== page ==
Day 7 - Down to Sea LevelJanuary 5 in Chile ⋅ 🌫 13 °C
A travel day as we left the Atacama for ValparIso. Another way-before-dawn morning saw us on the road from San Pedro to Calama as the sun rose behind the Andes. An uneventful flight landed us in a crowded Santiago airport. We learned later there had been a power outage at the airport yesterday that caused delays and cancellations and the residue of that was still making for long lines. Got our car and headed west towards the Pacific.
Coming out of the second tunnel on the freeway to Valparaiso, presented us with the lush, well developed Casablanca valley. This is a recently-developed (only 30 years ago) wine producing region. The land in the valley and up some of the hills is covered in vineyards. We choose one, VinaMar, to visit. The winery has a palatial mansion in the center of many acres of its vineyards and we went in to see about lunch. In the elegant second story dining room overlooking the vines and the valley, we had a leisurely, delicious four-course meal. VinaMar specializes in sparkling wines. Each course of our meal was accompanied by one of their wines. We'd learned that portions are big so we ordered one lunch and shared it. The appetizer was served on a oak stave from a wine barrel with a dry, light sparkling rose made from pinot noir grapes. Our waiter explained each course and the wines he served. With the starter, he served a brut sparkling wine made from chardonnay grapes. The main course was scrumptious beef and local vegetables with a weak red cabarnet from one of their sister vineyards and desert was served with another sparkling white. In spite of sharing the lunch and wines, we were both a little tipsy by the end of the meal. We walked around the grounds a bit to work off some of the wine since the guidebook warned us of Chile's zero-tolerance policy on drunk driving. Off after two hours of lunch to Valpariso.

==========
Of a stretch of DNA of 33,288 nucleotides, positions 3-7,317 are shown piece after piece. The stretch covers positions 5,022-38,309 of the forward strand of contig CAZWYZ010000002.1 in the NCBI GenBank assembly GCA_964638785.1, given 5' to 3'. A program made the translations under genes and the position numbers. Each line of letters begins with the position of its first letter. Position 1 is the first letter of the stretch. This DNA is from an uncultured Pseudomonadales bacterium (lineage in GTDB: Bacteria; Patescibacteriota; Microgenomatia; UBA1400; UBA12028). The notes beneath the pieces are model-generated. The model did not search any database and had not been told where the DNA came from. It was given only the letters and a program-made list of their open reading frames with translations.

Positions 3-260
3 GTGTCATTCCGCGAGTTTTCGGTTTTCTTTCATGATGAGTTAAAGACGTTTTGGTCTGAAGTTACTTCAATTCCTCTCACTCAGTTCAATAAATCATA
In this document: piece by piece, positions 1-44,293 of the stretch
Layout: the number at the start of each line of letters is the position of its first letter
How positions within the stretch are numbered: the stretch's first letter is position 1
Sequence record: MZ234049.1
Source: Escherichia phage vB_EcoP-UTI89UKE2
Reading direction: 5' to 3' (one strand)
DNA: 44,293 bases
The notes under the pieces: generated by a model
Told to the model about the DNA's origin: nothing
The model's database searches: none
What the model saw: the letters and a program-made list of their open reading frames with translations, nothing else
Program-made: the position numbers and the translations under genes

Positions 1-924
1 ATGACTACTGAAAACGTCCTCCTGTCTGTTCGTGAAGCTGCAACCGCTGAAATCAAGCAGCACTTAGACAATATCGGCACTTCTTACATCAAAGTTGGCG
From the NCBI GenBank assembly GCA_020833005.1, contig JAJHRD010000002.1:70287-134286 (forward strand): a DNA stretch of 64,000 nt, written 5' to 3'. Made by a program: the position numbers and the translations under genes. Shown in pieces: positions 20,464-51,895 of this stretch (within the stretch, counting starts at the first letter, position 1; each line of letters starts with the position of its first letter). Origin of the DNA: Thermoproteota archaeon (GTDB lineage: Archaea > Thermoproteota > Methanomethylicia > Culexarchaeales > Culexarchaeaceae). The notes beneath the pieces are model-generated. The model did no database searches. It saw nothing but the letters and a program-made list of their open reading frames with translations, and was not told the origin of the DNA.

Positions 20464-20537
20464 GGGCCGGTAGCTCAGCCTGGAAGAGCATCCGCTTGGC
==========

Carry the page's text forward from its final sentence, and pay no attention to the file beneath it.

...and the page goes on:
Valparaiso is a port city sprawling over 45 steep hills surrounding the harbor. The commercial and port areas are on the narrow flat around the harbor but the residential areas climb the steep hills. The hills are so significant that there are 14 funiculars to help you get up them. My GPS took us to the hotel through a winding route along narrow streets up and down several hills. We checked into the Thomas Somerscales Boutique Hotel high above the harbor. The hotel is the converted former home of English painter Thomas Somerscales who was active in the late 19th to early 20th century and lived in Valparaiso for 20 years. The small hotel has only 12 rooms but is elegant and comfortable.
After checking in and setting up our room, we walked the residential area around the hotel. Valparaiso is noted for its street art covering the houses and walls and we saw examples everywhere. We had a hot chocolate at a small bistro that, we'd been told, has live music. As we drank our chocolate, two guys came in and started playing. I recognized some of the songs and talked with them. When they learned I played harmonica, they invited me to play a blues with them. We strolled back to the hotel in the dusk (now about 9:30) to finish the day looking over the lights of the city.Read more